Angiotensin-Converting Enzyme Inhibitors


Joseph L. Izzo, Jr, MD, Department of Medicine, Erie County Medical Center, 462 Grider Street, Buffalo, NY 14215


J Clin Hypertens (Greenwich). 2011;13:667–675. ©2011 Wiley Periodicals, Inc.

Key Points and Recommendations

  •  In addition to hypertension, angiotensin-converting enzyme inhibitors are indicated for treatment of patients at high risk for coronary artery disease, after myocardial infarction, with dilated cardiomypathy, or with chronic kidney disease.
  •  The most familiar angiotensin-converting enzyme subtype, angiotensin-converting enzyme-1 (kininase II), cleaves the vasoconstrictor octapeptide angiotensin II from its inactive decapeptide precursor, angiotensin I, while simultaneously inactivating the vasodilator bradykinin.
  •  Biochemical pathways within and around the renin-angiotensin system are highly species-specific; there is little evidence that “angiotensin-converting enzyme bypass pathways” have major clinical implications in humans.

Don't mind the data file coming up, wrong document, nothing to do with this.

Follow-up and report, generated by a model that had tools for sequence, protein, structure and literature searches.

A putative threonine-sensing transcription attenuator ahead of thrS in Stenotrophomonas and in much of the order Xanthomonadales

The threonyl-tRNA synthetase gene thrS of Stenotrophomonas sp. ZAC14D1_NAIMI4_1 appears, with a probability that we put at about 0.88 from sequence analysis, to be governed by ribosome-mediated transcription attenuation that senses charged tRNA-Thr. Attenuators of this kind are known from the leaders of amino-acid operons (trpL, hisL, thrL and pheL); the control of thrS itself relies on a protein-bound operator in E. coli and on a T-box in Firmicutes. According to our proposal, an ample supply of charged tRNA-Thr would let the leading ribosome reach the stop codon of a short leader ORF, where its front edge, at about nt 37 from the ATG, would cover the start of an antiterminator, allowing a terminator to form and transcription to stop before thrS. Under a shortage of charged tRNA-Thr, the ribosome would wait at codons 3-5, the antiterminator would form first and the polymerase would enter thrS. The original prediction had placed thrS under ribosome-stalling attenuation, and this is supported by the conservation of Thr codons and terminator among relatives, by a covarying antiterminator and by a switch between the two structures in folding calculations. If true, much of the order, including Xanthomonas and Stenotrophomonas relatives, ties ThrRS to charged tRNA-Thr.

•  Dietary sodium loading can diminish or abolish the antihypertensive effect of an angiotensin-converting enzyme inhibitor, while salt restriction or concomitant diuretic therapy enhances it.
  •  Dose-response curves with angiotensin-converting enzyme inhibitors are quite flat but their peak effects vary in different individuals.
  •  Increased serum creatinine (decreased glomerular filtration rate) during acute or chronic angiotensin-converting enzyme inhibition identifies individuals likely to experience long-term renal protective benefits.
  •  Angiotensin-converting enzyme inhibitors are contraindicated in pregnancy due to fetal toxicity.
  •  Use of angiotensin-converting enzymes can be limited by idiosyncratic reactions (cough or angioedema), hyperkalemia (usually in cardiac or renal failure or with combined renin-angiotensin blockade) or hypotension (usually with severe volume-depletion or cardiac failure).